However, if you simply put some time and distance between your initial reaction and your decision to do something about it, you’ll be far more prepared to respond in a way that is professional, mature, optimistic, and respectful. That doesn’t mean you avoid the issue; it simply means that you air out a little bit before you say or do anything.
Be sure that what you say and do is uplifting. You may have misunderstood someone’s emotions or reacted inappropriately because what you thought you heard is not really what they meant. Once you put some time between the stimulus and the response, the next step is to make an effort to seek to understand that person.
Failing to go to the source and get to the bottom of things, however, usually does more harm than good. If you hold the negative emotions inside, you harbor ill will against that person that will drive a wedge in your organization, hurting not only you and perhaps the individual, but also everyone around you. It is a form of emotional cancer that can spread into behavior and output.
Though it’s difficult, you must have the courage to share your thoughts and feelings directly. Approach the misunderstanding as a subject matter or an issue rather than as a challenge to the individual. This approach will bring great things into a relationship. These principles are timeless and universal. They’re not complicated or difficult to grasp.
Most of us practice them outside of work every day. Seek to understand the individuals who bring up issues, and take the emotion out of it.
Personal Self-Assessment: When Was the Last Time You Respectfully Defused a Conflict?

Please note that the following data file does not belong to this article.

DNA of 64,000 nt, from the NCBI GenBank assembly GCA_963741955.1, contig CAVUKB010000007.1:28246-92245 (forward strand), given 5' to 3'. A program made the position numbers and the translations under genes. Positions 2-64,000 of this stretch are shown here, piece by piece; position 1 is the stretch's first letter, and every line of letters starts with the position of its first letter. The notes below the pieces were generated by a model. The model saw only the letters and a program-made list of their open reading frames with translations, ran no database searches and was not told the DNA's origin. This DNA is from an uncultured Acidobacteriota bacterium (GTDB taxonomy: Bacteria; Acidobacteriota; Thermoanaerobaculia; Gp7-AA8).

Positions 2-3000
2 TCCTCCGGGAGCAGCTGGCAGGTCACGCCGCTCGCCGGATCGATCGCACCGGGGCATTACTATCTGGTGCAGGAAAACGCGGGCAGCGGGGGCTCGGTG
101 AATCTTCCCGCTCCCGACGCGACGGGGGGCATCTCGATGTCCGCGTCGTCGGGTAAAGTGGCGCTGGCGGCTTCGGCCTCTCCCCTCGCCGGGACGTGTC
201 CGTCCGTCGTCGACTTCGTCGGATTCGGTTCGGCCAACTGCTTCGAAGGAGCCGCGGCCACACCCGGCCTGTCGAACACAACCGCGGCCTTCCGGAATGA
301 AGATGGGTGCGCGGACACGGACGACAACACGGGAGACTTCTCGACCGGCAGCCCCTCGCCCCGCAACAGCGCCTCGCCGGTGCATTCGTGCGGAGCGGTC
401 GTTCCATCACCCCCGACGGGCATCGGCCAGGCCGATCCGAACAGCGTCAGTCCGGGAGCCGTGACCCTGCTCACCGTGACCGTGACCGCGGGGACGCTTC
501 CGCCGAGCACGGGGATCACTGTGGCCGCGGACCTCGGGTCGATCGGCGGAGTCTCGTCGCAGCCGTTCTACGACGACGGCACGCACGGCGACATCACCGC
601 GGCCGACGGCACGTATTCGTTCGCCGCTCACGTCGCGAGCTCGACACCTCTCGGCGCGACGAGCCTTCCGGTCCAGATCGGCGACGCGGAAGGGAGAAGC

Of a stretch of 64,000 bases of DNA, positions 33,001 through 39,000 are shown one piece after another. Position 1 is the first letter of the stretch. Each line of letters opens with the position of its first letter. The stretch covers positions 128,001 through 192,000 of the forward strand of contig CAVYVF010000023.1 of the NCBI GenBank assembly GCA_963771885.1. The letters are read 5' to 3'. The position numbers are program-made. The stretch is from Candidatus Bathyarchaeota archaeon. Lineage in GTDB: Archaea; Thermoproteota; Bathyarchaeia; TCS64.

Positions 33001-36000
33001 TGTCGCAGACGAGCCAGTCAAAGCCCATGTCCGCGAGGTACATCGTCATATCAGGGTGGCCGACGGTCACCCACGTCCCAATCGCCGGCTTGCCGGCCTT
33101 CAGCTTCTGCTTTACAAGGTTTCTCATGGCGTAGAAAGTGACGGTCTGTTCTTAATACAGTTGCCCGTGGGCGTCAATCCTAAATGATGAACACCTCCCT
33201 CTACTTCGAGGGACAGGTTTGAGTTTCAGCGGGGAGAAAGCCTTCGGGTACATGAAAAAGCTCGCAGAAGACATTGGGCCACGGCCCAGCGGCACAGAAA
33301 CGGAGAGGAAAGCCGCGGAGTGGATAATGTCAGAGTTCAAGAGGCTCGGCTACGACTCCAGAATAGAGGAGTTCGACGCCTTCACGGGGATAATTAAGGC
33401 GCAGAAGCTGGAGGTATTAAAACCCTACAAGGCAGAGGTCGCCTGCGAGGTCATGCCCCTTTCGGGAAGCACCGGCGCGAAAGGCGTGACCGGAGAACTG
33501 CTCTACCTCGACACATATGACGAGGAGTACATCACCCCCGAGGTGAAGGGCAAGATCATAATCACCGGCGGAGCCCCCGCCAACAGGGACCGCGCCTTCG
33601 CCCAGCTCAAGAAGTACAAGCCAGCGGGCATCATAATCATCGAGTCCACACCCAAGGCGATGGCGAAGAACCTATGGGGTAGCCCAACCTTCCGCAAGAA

Seek Out Opportunities to Exhibit Unconditional Kindness
The worst thing that you can do in a relationship is to speak rudely about someone behind their back. This shows a total lack of respect for that person.
However, the reverse of this – singing someone’s praises to another person – is one of the greatest compliments an individual can receive.
Avoid complaining audibly about coworkers. Instead, share positive observations about them as often as possible. The more specific you can be, the better; maybe something about their leadership style that you particularly like, an action they took that you admire, or something you are learning from them.
Forgive and move on. “When you hold resentment toward another, you are bound to that person or condition by an emotional link that is stronger than steel,” said Catherine Ponder. “Forgiveness is the only way to dissolve that link and get free.”
Personal Self-Assessment: When Was the Last Time You Said or Did Something Kind to Someone You Perceived to Have Hurt You?
Keep the Issue the Issue
Another important principle of respect is to keep the issue the issue. Don’t make it a personal attack. Keeping the focus on the problem at hand will help you overcome the fear that a problem might grow into something bigger and scarier than it actually is.
We all have a tendency to make things emotional when issues seem daunting. Emotions can escalate a situation beyond your control. You should avoid making issues emotional, whether in large groups, small groups, or one on one.
Personal Self-Assessment: When Was the Last Time You Created a Solution with Someone You Have Trouble Understanding or Working with?
Thought Question: How has the principle of respect enhanced your life and career development?
Second Pass – Write down the first thought that comes to mind.
The theme of this training program was inspired by a quote from Nelson Mandela. Keep it in mind as you make your way through the exercises.
“There is nothing like returning to a place that remains unchanged to find the ways in which you yourself have altered.”
Learn to appreciate and respect the life that is uniquely yours and continue to develop and grow each day by remaining open to new possibilities.
We have included a pre- and post-assessment for each respective pathway: